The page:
Yeah.

Amber Tresca (13:02):
Yeah, I know. I’m like Dr. Riehl, can you just solve this for me right now? Right here?

Dr. Megan Riehl (13:09):
So, my answer is that we just have to do our best and model.

Brooke Abbott (13:15):
We’re talking about having conversations and making sure that we model good behavior and inclusivity, but what would treatment look like for someone like me or an Amber who may just be completely dissatisfied with how we look or how we feel? I feel like for patients it’s more so how your body makes you feel. I will just say that I was uncomfortable with my body after having a baby, but I was very proud that I was able to have a baby. Now, my body postsurgery, I felt very defeated and I felt a little out of place. And I think that was my biggest struggle, not so much the scars and all the things that were going on and the rapid weight gain and the rapid weight loss. It was more like I had to have this big surgery because I failed myself, and that I think is the bigger thing to get over.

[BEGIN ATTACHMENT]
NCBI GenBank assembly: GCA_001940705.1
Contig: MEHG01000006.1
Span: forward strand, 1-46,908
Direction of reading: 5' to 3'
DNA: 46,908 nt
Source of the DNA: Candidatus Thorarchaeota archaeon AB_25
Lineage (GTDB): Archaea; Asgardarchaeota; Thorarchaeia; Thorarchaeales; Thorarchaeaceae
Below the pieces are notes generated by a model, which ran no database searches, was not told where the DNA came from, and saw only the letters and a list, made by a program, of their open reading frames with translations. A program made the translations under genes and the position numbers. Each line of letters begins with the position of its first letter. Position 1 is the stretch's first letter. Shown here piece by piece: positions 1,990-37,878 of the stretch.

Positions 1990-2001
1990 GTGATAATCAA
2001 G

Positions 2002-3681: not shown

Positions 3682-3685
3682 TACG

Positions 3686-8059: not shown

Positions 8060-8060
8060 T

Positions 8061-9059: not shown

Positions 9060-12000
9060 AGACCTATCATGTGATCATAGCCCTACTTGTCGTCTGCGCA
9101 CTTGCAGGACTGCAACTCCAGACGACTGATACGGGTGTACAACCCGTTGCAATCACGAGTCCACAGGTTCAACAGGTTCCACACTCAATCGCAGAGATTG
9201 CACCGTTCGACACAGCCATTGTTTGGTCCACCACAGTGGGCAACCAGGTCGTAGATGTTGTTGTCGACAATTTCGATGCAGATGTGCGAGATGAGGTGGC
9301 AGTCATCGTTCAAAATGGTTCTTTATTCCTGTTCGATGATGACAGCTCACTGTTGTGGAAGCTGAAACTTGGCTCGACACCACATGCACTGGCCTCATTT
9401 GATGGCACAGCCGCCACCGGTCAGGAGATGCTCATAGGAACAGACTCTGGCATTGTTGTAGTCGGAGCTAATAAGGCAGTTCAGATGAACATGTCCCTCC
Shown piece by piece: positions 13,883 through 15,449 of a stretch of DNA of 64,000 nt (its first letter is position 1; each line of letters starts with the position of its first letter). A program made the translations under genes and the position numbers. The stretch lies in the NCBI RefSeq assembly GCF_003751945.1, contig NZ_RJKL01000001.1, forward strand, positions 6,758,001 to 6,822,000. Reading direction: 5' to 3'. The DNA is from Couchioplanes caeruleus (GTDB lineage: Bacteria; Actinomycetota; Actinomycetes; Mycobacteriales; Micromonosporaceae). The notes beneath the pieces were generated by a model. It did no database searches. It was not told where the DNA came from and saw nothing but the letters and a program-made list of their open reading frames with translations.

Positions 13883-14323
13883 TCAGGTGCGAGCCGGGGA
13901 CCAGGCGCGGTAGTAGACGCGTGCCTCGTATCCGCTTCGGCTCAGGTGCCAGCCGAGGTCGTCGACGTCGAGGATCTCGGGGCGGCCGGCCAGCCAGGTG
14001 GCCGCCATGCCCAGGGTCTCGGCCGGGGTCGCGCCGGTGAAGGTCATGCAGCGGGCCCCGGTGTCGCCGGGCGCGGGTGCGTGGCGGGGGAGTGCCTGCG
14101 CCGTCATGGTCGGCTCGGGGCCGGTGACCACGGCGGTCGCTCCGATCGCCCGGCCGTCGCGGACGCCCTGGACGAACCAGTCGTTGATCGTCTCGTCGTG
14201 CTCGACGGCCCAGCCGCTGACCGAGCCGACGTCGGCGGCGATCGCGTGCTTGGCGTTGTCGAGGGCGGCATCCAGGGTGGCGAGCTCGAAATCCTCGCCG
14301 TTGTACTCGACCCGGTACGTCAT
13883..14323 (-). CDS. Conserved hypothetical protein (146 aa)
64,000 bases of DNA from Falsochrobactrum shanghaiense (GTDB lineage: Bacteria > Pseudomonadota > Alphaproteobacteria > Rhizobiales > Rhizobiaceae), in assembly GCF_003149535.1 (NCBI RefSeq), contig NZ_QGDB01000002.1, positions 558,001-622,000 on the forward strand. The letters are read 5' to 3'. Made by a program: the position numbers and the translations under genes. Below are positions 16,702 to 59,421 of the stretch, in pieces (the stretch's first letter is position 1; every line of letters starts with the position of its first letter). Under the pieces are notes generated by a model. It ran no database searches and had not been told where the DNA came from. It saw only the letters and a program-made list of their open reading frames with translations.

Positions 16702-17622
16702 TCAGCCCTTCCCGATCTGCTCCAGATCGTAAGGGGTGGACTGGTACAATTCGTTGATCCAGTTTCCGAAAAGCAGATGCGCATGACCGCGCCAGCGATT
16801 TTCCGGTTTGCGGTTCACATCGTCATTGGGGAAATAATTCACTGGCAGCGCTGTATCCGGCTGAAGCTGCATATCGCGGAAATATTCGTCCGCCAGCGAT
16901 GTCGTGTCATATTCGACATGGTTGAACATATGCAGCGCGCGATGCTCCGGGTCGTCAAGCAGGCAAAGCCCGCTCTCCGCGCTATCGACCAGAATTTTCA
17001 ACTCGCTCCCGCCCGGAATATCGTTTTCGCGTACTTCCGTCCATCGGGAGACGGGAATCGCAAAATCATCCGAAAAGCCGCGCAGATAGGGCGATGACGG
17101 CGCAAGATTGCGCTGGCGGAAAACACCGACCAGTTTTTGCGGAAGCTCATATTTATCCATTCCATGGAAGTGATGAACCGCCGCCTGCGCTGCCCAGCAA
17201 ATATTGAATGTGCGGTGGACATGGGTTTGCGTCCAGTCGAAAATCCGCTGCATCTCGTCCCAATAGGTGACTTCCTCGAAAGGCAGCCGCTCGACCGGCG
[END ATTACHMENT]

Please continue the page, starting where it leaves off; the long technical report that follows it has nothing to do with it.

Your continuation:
Dr. Megan Riehl (14:19):
So, that’s the therapeutic, that’s the roadmap, right? You knowing I’m having these feelings. I’m recognizing this about myself. It might be really helpful to sit with a licensed clinician in mental health to work through this specific issue, right? And that’s what I love about my job as a GI psychologist is that you might show up at my door just to go through that as a therapeutic process. You don’t have to be in therapy forever. We might really work through that for a couple weeks, might be a couple months giving you some tools and strategies, a safe space to talk about that, to normalize some of those feelings that you’re having.